June 27, 2003

A day to shine

National Aboriginal Day is a celebration of Canada and of being Canadian

KIRSTEN MURPHY

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Some Nakasuk students couldn't believe the throatsinging. (PHOTO BY ODILE NELSON)

Nunavut joined the rest of Canada in celebrating Aboriginal Day on June 21.

Kugluktuk marked the day by launching Millie Kuliktana's book, Nuivainirmut Angmaqtiridjutaat or The Introduction of Trade Among Copper Inuit.

"The timing was ideal," said Kuliktana, whose labour of love took three years to write. "It highlights who we are as Inuit and promotes Inuinnaqtun."

The 32-page pictorial history book was written for high school students and adult learners.

Aboriginal Day is rooted in history. In 1995, the Royal Commission on Aboriginal Peoples recommended the federal government recognize aboriginal peoples and traditions in one dedicated day a year. A year later, former Governor General Romeo Leblanc declared June 21 National Aboriginal Day. The day coincides with summer solstice - the first day of summer and the longest day of the year.

Coral Harbour held their Aboriginal Day celebrations three days after the rest of the country. The delay allowed weekend campers and hunters to enjoy festivities mid-week.

"The committee wanted everybody to be involved and they were," said Heather Kolit, recreation coordinator for the hamlet.

Indian and Northern Affairs Canada allocates $100,000 of block funding to communities across Canada. Canadian Heritage also provides funding for Aboriginal Day through its Celebrate Canada program. The money pays for performers, stage rentals, equipment and food.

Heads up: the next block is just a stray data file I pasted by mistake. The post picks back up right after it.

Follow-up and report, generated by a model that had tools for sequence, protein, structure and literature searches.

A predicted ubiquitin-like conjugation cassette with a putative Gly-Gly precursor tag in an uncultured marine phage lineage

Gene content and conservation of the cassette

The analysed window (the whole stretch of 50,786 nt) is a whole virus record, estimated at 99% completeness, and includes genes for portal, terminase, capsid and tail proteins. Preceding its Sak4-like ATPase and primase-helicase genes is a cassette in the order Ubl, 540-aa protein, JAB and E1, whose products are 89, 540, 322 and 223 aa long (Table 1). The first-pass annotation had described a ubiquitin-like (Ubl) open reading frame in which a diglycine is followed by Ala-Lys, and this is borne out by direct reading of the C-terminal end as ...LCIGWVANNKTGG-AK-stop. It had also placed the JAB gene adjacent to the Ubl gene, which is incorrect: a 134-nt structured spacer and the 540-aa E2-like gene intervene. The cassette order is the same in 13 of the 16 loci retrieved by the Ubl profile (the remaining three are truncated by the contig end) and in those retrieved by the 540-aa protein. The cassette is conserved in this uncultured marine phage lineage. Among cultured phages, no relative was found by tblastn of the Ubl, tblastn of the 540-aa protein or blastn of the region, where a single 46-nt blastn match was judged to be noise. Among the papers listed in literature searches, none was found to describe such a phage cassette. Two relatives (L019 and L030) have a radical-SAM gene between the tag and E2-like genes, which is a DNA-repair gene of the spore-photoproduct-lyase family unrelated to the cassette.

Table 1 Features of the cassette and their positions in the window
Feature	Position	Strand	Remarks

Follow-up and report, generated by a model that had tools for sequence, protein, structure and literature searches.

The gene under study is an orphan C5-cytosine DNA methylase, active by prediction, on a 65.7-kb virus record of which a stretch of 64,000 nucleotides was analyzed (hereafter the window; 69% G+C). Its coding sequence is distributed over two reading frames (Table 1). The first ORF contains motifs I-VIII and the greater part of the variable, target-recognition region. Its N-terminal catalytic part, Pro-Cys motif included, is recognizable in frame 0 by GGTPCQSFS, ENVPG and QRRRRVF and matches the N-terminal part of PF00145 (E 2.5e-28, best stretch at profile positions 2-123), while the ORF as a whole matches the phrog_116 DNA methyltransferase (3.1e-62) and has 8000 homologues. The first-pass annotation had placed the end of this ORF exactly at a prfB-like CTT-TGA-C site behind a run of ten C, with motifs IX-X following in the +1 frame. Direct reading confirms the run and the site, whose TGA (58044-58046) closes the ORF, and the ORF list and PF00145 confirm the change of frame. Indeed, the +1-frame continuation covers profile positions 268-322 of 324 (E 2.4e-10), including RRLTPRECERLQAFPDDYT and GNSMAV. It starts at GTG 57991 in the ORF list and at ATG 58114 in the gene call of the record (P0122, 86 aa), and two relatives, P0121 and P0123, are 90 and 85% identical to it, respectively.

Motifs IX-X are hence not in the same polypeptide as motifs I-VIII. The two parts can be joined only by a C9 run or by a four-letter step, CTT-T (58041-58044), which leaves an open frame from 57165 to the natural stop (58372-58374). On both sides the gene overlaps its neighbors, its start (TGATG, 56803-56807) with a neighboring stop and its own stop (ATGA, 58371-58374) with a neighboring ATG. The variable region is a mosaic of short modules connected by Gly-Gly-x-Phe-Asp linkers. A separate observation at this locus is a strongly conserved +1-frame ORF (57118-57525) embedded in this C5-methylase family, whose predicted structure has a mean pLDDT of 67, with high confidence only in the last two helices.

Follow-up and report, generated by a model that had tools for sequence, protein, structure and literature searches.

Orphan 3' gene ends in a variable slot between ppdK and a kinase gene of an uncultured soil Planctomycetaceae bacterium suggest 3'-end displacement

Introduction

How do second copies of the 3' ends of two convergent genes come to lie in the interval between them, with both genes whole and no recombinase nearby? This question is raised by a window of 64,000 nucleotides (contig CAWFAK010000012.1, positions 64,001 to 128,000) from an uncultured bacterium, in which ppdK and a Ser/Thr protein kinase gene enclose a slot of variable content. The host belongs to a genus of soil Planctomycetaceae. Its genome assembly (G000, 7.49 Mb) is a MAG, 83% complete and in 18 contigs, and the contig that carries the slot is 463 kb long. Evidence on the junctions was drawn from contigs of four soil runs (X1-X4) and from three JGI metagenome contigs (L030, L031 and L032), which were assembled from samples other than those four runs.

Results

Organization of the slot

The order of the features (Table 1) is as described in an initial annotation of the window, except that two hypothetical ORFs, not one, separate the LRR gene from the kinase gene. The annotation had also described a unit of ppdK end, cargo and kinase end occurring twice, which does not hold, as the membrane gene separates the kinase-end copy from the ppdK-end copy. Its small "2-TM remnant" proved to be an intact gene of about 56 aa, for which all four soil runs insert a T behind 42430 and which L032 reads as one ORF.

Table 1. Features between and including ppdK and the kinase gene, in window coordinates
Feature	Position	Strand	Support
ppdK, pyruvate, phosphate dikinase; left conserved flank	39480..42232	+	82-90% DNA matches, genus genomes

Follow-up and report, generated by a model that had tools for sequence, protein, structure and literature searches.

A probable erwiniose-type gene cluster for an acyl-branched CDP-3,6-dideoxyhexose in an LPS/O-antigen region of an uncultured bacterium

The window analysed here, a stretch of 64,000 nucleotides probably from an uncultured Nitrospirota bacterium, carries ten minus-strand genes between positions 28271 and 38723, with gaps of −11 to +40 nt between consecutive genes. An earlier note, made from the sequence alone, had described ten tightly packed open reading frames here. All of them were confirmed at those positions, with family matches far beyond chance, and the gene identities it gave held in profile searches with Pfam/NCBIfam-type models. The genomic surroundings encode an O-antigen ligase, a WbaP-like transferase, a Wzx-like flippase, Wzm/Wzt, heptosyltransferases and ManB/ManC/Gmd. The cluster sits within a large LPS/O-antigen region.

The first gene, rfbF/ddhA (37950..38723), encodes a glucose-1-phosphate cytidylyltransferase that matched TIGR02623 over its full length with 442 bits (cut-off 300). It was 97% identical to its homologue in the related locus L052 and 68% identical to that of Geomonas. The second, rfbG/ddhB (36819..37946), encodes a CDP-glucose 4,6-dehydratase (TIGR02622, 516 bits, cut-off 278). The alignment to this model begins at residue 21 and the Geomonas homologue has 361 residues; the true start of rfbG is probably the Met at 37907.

Nunavut groups are entitled to $10,000. Money is approved through a request for proposal process.

In Iqaluit, festivities lasted two days. Activities focused on drum dancing, a fashion show and motivational speeches.

Ooleena Nowyook started the celebration off with a sing-along for children. Youth were brought to their feet with an Inuktitut version of Eensy, Weensy Spider. Students were equally impressed with a throat singing demonstration.

Many of the students dressed in traditional amautis, some hiding teddy bears instead of babies.

Eden Tootoo, 10, was drawn to a throat singing demonstration, a tradition she learned from her grandparents.

"If I could, I'd like to throat sing with Ita [Kanayuk] because we both have a deep voice and I heard that two deep voices make one awesome voice for throat singing and, plus, she's my best friend and it's fun," Tootoo said.

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Aboriginal entertainer Tom Jackson kicks back. (PHOTO BY KIRSTEN MURPHY)

The next day, the school gym was jumping and hands were clapping and toes tapping to the tunes and poems of Tom Jackson, former North of 60 television star and motivational speaker.

Nunavut Commissioner Peter Irniq was one of the keynote speakers.

"I know than Nunavut is in good hands. Our elders are now passing on their great wisdom to our youth, our future. Inuit youth are traditional and yet so modern. You are much admired, you are talented, artistic, you are creative thinkers and you are great achievers. We trust that Nunavut will be in good hands by the time those of us who are here today retire," Irniq told the crowd.

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A smiling Eva Alainga and friends model QIA's fur collection. (PHOTO BY KIRSTEN MURPHY)

"I'm happy and proud to be an Inuk today. I'm happy and proud to be a Canadian."

The Iqaluit band Uvagut brought down the house, followed by a fashion show of caribou and sealskin outfits belonging to the Qikiqtani Inuit Association. Joamie School students concluded the afternoon with a drum dancing performance.

Aboriginal Day festivities are part of the federal government's Celebrate Canada events, which also include Saint-Jean-Baptiste on June 24, Multiculturalism Day on June 27 and Canada Day on July 1.